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Baseball Challenge League


Baseball Challenge League

Route Inn BC League
Sport Baseball
Founded 2006
President Murayama Tetsuji
Inaugural season 2007
No. of teams 8
Country Japan
Most recent champion(s) Niigata Albirex Baseball Club
Most titles Ishikawa Million Stars (4)
Official website

The Route Inn BCL, formerly known as the Baseball Challenge League (ベースボール・チャレンジ・リーグ Bēsubōru Charenji Rīgu), is a independent semi-professional baseball league in Japan. The league's abbreviated designation is "BC League (BCリーグ)."


  • League structure 1
  • History 2
  • Teams 3
  • Franchise locations 4
  • Yearly standings 5
  • References 6
  • External links 7

League structure

The Baseball Challenge League has two divisions, Future—East and Advance—West, with four teams in each division. Not every team has a home stadium; instead, the team travels around its home prefecture, playing in different stadiums, each one called "home” for that game.[1]

The 72-game season runs from April–October, split into two-half-terms, with the division champion from each half-term meeting in a playoff at the end of the year to determine which two teams compete for the league championship. Each team carries 27 players.[2]

Typically, players earn 150,000 yen (c. U.S. $2,000) per month, with another 50,000 yen in potential bonuses.[3] The league imposes a 7.2 million yen (c. U.S. $60,600) salary limit for team managers.[4]


The BC League began play in 2007 as the Hokushinestu Baseball Challenge League. It originally consisted of four teams based in the Hokuriku region: the Ishikawa Million Stars, the Niigata Albirex Baseball Club, the Shinano Grandserows, and the Toyama Thunderbirds. In 2008 the league added two teams, Gunma Diamond Pegasus and the Fukui Miracle Elephants, and split into two divisions, Jōshin'etsu (Gunma, Shinano, and Niigata) and Hokuriku (Fukui, Ishikawa, and Toyama).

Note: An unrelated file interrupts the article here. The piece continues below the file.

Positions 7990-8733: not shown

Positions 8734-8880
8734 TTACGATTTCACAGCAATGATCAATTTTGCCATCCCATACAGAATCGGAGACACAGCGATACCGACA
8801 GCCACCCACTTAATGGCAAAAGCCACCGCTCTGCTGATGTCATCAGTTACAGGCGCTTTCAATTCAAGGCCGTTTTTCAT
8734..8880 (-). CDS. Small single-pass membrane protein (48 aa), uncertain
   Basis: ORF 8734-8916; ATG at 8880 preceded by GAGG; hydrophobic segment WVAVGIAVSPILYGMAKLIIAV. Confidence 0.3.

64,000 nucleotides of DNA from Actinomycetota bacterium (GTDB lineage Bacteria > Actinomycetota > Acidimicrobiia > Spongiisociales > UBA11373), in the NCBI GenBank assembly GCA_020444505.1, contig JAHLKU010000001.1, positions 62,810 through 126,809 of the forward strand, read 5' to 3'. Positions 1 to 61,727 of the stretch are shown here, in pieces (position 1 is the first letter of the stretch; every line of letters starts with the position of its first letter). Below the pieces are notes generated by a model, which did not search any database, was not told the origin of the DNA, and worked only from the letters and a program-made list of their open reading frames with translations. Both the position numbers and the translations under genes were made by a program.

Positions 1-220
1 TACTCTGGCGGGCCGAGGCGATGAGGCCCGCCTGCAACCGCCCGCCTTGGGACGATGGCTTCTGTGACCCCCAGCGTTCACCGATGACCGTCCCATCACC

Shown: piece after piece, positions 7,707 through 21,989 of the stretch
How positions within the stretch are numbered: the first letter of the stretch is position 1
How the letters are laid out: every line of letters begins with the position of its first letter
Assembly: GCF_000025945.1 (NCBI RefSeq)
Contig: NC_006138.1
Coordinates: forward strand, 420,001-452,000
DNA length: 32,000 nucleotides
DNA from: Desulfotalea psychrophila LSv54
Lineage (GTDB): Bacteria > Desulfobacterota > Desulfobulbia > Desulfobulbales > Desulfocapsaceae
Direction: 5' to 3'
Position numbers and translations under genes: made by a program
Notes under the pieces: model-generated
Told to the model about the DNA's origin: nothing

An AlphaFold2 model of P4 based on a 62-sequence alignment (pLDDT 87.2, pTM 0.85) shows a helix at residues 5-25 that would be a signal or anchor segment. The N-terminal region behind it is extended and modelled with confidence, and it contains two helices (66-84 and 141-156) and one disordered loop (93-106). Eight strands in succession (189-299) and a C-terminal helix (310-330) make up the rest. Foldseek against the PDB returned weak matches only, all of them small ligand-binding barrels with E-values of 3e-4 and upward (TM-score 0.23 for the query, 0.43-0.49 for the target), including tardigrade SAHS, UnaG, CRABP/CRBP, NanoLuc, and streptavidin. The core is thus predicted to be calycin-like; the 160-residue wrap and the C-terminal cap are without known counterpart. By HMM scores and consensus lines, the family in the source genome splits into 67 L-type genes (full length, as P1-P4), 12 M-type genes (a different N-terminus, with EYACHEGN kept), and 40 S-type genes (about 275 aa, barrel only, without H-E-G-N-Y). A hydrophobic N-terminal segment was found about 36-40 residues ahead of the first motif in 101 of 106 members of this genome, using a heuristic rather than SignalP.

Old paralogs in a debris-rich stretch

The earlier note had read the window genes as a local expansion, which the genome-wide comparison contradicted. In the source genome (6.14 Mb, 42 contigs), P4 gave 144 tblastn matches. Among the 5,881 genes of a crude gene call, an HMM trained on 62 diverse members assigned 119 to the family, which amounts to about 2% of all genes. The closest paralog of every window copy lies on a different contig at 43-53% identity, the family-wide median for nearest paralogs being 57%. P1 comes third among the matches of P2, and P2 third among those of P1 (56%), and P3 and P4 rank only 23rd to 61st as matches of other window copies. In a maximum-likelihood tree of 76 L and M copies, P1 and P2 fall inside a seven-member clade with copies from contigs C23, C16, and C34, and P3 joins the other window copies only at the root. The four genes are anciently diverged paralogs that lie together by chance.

Ishikawa Million Stars Infielder Kensuke Uchimura led the league in steals in 2007, which led to him being drafted by Nippon Professional Baseball's Rakuten Golden Eagles, In 2008 he became the first player to reach NPB after playing in the BC League.

In February 2014, the league agreed to a naming rights deal with Route Inn Group, becoming the Route Inn BC League.[5]

That same month, it was announced that a new team, the Musashi Heat Bears, based out of Saitama Prefecture, would join the league in time for the 2015 season.[5] In July 2014 it was announced that a second new team, the Fukushima Hopes, would also join the league for the 2015 season.[6]

Late in the summer of 2014, along with the

  • Baseball Challenge League Official Site (in Japanese)
  • 2014 Final Standings, Playoff Results, Statistical Leaders

External links

  1. ^ Ryo. "Independent Leagues in Japan," NPB Tracker: Baseball in Japan & Around the World (May 26, 2009).
  2. ^ "Professional Baseball Tryout," San Diego Sports Authority (2012). Archived on the Western Baseball Association website. Accessed April 7, 2015.